In Luke 8:12, Jesus explains that sometimes the devil takes the word out of people’s hearts to prevent them from believing the word and being “saved” by believing it. Again, we ask, “saved from what?” Notice a very important fact here: the word must have been sown “in their hearts” in order for the devil to be able to take it away “out of their hearts.” Is it possible for a person who does not have a spiritual nature to receive something as spiritual as the gospel, or the “word of God”? Pauls gives an emphatic “no” as an answer in 1 Cor. 2:14: “But the natural man receiveth not the things of the Spirit of God: for they are foolishness unto him: neither can he know them, because they are spiritually discerned.” So from the outset, we must agree that the person or persons under consideration here are already born again!

So what is the salvation under consideration here? Certainly not eternal salvation from the condemnation of sin, since these are born-again children of God. Rather, there is a salvation in believing the word of the Kingdom of God! What will believing the word of the kingdom save you from? As we’ve already seen, nothing in the parable suggests that believing the word will save you from hell. If we study the whole explanation of the parable, here’s the conclusion we must reach:

Luke 8:12: Some people have the potential to bring forth spiritual fruit, but the devil “taketh away the word out of their hearts”. In other words, the word of God is not influential in their lives.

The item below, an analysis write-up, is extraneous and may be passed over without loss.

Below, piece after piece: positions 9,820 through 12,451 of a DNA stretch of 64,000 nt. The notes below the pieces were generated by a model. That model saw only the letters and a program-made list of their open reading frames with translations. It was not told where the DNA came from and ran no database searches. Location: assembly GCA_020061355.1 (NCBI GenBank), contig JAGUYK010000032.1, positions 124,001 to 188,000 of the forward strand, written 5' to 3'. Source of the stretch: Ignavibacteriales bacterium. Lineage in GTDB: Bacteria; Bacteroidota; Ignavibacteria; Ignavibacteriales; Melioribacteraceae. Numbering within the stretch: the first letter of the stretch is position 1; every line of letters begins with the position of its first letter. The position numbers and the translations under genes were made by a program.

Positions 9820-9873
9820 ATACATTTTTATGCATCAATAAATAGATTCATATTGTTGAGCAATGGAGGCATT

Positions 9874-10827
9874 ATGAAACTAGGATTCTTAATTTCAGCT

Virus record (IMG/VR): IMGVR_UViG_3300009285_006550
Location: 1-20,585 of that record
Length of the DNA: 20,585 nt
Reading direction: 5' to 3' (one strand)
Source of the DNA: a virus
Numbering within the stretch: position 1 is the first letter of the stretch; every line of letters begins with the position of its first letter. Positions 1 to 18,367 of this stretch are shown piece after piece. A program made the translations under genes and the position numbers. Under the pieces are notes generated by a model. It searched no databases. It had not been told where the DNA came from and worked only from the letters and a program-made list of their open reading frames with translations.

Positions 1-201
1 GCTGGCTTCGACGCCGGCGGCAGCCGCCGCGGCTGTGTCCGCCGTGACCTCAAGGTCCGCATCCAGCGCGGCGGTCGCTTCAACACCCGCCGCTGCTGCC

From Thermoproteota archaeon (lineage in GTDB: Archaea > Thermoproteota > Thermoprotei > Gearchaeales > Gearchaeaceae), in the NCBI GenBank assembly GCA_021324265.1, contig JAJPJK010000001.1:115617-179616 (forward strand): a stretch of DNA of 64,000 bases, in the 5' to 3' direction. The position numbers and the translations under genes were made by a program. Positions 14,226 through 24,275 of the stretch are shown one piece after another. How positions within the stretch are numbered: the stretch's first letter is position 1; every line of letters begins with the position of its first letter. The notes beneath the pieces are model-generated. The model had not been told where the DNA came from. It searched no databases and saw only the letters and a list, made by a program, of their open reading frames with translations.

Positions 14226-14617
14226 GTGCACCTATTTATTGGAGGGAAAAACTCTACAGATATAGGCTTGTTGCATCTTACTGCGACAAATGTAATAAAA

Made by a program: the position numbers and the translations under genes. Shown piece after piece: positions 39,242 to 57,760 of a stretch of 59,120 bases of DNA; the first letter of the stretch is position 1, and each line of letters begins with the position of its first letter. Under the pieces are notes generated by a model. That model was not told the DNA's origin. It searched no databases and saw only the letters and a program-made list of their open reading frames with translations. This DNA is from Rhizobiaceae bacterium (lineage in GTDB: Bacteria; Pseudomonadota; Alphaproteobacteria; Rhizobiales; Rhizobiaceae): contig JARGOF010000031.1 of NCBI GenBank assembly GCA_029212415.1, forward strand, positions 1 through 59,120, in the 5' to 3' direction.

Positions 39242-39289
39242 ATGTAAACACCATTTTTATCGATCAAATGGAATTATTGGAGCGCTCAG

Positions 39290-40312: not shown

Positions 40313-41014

Luke 8:13: Some people get all excited at first but “in time of temptation fall away”. 

Luke 8:14: Some people allow all the cares, and riches and pleasures of this life to crowd out the word.

Luke 8:15: Some people “keep the word of God and bring forth fruit with patience”.

There is no mention of hell or heaven in this explanation of the parable. It doesn’t teach that the people who “keep the word” go to heaven. Heaven or hell is not Jesus’ concern in this parable. Jesus is teaching the importance of bearing spiritual fruit. When we live in obedience to God’s word, we are behaving in ways which are indicative that we are under the influence of the Spirit.

All the behaviors we “produce” come from either the influence of “the flesh” or the influence of “the Spirit”. Paul identifies the “works of the flesh” and “the fruit of the Spirit” in his letter to the churches of Galatia. As you read the following verses, consider the ways we ruin our lives when we engage in “the works of the flesh”. Then consider how we can save our lives by bearing the fruit of the Spirit:

“[This] I say then, Walk in the Spirit, and ye shall not fulfil the lust of the flesh. For the flesh lusteth against the Spirit, and the Spirit against the flesh: and these are contrary the one to the other: so that ye cannot do the things that ye would. But if ye be led of the Spirit, ye are not under the law. Now the works of the flesh are manifest, which are [these]; Adultery, fornication, uncleanness, lasciviousness, Idolatry, witchcraft, hatred, variance, emulations, wrath, strife, seditions, heresies, Envyings, murders, drunkenness, revellings, and such like: of the which I tell you before, as I have also told [you] in time past, that they which do such things shall not inherit the kingdom of God. But the fruit of the Spirit is love, joy, peace, longsuffering, gentleness, goodness, faith, Meekness, temperance: against such there is no law.” (Gal 5:16-23 KJV)

May the Lord bless you is my prayer.

Elder Chris McCool, Pastor (w/major contributions from Elder Buddy Abernathy)